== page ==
• Janet Barclay on October 21, 2015 at 12:00 pm

      It really is, and it’s fun to see how many ways we can apply it.

      I agree with you that it’s hard for new business owners to grasp that targeted marketing is much more effective than trying to broadcast their message to anyone and everyone. They’re often afraid that they’ll miss out on opportunities if they focus on a specific market, but it doesn’t usually happen that way. I’m often contacted by people who aren’t professional organizers, and in most cases, I’m happy to work with them.

  4. Audrey Cupo on October 21, 2015 at 11:13 am

    I am clear about who I want to work with and who I do not but I love creating a pro and con list on one page. It’s kind of like keeping score when you are evaluating potential clients. I make it a point to work only with those that want to work with me and who will benefit most from my experience and skills. Thank you, Janet.

    • Janet Barclay on October 21, 2015 at 12:27 pm

      One of the perks that comes with experience is learning to recognize when a potential client isn’t a good fit for you. You have to be able to trust your intuition!

  5. Autumn Leopold on October 21, 2015 at 3:28 pm

    This is such an important step that many new service providers miss. They just throw it all out there and wait for something to happen instead of taking the time to define who they should be throwing it too! 🙂 Excellent post!

    • Janet Barclay on October 21, 2015 at 4:14 pm

      That’s a great way of putting it! 🙂

  6. April R. on October 21, 2015 at 5:28 pm

    Thank you so much for this post! I have been struggling with identifying an ideal client, but had not thought to list what I didn’t want and reverse it. Brilliant!!

    • Janet Barclay on October 22, 2015 at 6:51 am

      I think you’ll find it very enlightening – please let me know how you make out!

  7. Andi Willis on October 21, 2015 at 7:13 pm

    I’ve had several clients that have just clicked on several levels. Trying to find new clients like them has become a priority. Thanks for the reminder!

    • Janet Barclay on October 22, 2015 at 6:56 am

      I’ve repeated the exercise from time to time, and the things my top clients have in common are very surprising – not things I would consider important, but maybe they are!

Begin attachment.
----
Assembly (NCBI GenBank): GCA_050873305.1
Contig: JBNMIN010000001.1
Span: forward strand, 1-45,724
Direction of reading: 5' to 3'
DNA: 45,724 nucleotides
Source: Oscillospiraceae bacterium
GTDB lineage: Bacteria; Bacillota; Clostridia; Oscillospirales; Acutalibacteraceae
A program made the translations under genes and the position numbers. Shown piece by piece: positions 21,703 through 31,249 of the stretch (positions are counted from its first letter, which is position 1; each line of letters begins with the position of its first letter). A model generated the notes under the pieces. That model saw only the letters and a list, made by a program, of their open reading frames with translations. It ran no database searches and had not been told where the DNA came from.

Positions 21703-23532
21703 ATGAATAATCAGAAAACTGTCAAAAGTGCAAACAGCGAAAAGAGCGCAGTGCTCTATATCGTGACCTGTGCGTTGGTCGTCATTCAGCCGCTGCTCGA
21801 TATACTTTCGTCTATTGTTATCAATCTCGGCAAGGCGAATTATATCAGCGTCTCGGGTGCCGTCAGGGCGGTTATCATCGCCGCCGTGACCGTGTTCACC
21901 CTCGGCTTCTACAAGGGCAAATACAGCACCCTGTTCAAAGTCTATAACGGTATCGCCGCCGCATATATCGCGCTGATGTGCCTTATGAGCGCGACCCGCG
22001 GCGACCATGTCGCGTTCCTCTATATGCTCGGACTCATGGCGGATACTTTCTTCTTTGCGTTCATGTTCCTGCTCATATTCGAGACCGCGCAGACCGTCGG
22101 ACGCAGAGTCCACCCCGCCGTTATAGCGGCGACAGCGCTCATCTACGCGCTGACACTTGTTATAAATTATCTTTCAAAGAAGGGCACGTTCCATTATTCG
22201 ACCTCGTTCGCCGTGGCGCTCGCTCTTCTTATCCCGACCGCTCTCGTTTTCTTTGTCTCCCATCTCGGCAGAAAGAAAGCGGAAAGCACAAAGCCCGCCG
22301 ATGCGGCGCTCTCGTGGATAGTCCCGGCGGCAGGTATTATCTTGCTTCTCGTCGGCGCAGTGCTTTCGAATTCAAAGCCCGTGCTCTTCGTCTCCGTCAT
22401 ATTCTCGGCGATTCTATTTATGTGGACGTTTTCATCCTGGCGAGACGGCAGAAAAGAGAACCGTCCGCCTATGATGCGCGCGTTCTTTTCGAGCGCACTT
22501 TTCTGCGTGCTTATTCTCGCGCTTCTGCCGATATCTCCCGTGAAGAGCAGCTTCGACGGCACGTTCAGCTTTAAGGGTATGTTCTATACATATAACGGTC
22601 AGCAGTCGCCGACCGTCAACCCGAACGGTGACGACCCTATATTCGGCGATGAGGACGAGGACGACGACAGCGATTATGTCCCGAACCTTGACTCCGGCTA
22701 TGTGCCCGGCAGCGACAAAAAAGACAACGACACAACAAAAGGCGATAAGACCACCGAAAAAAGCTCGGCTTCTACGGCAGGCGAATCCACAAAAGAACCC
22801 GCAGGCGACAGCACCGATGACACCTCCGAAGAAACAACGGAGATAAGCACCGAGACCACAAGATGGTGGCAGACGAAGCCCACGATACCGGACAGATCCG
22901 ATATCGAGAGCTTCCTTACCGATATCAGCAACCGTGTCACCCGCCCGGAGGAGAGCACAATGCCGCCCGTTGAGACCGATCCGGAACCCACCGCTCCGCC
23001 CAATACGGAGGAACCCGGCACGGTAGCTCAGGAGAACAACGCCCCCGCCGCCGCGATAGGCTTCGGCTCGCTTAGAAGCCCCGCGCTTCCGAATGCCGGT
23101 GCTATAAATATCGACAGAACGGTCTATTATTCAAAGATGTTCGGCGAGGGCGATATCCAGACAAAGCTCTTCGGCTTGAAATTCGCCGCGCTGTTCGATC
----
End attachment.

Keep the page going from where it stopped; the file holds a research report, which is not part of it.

8. Sabrina Quairoli on October 24, 2015 at 11:57 am

    I agree. We must first determine our ideal client. This helps us have a clearer vision of what we are looking for in a client. And, as a result, be able to help that client more effectively. Thanks for re-sharing this content. This is such an important reminder for small business owners.

    • Janet Barclay on October 24, 2015 at 1:33 pm

      Precisely! The more we understand our clients, the better we can serve them, so it only makes sense to look for new clients who are similar to those we seemed to have clicked the most with.

  9. Hazel Thornton on October 24, 2015 at 12:36 pm

    I’ve always loved the 80/20 Rule and Ideal Client concept (which is much more specific than “target market”). A suggestion related to finding MORE Ideal Clients based on your top 20% is to spend more effort on soliciting REPEAT business from your top 20%, rather than worrying about your 80% who just hired you once or didn’t spend much.

    • Janet Barclay on October 24, 2015 at 1:30 pm

      Great suggestion, Hazel! According to Forrester Research, it costs five times more to find a new customer than to retain a current one.

      And also a good point about the difference between “target market” (which is really broad, e.g. “busy moms”) and “ideal client” (which is much more specific, e.g. “busy moms who hold executive positions, earn $100+K per year, and live in XXX community”).

  10. Sarah Soboleski on October 24, 2015 at 4:07 pm

    I’m with April on this one. So smart to create a don’t want client list to tease out the positives you do want to attract! With only being in my third year of business, I’m still figuring this out myself, but getting closer!

    • Janet Barclay on October 25, 2015 at 6:29 am

      It really does help to clarify things, doesn’t it?

  11. Jill Robson on October 24, 2015 at 5:25 pm

    I struggled with this for a long time, finding my target market until they found me. Sometimes we have to try a few different things when we first start to get a feel for what really makes us energized to work.

    • Janet Barclay on October 25, 2015 at 6:27 am

      That’s so true, Jill! I don’t know many people who end up doing exactly what they imagined when they first started out.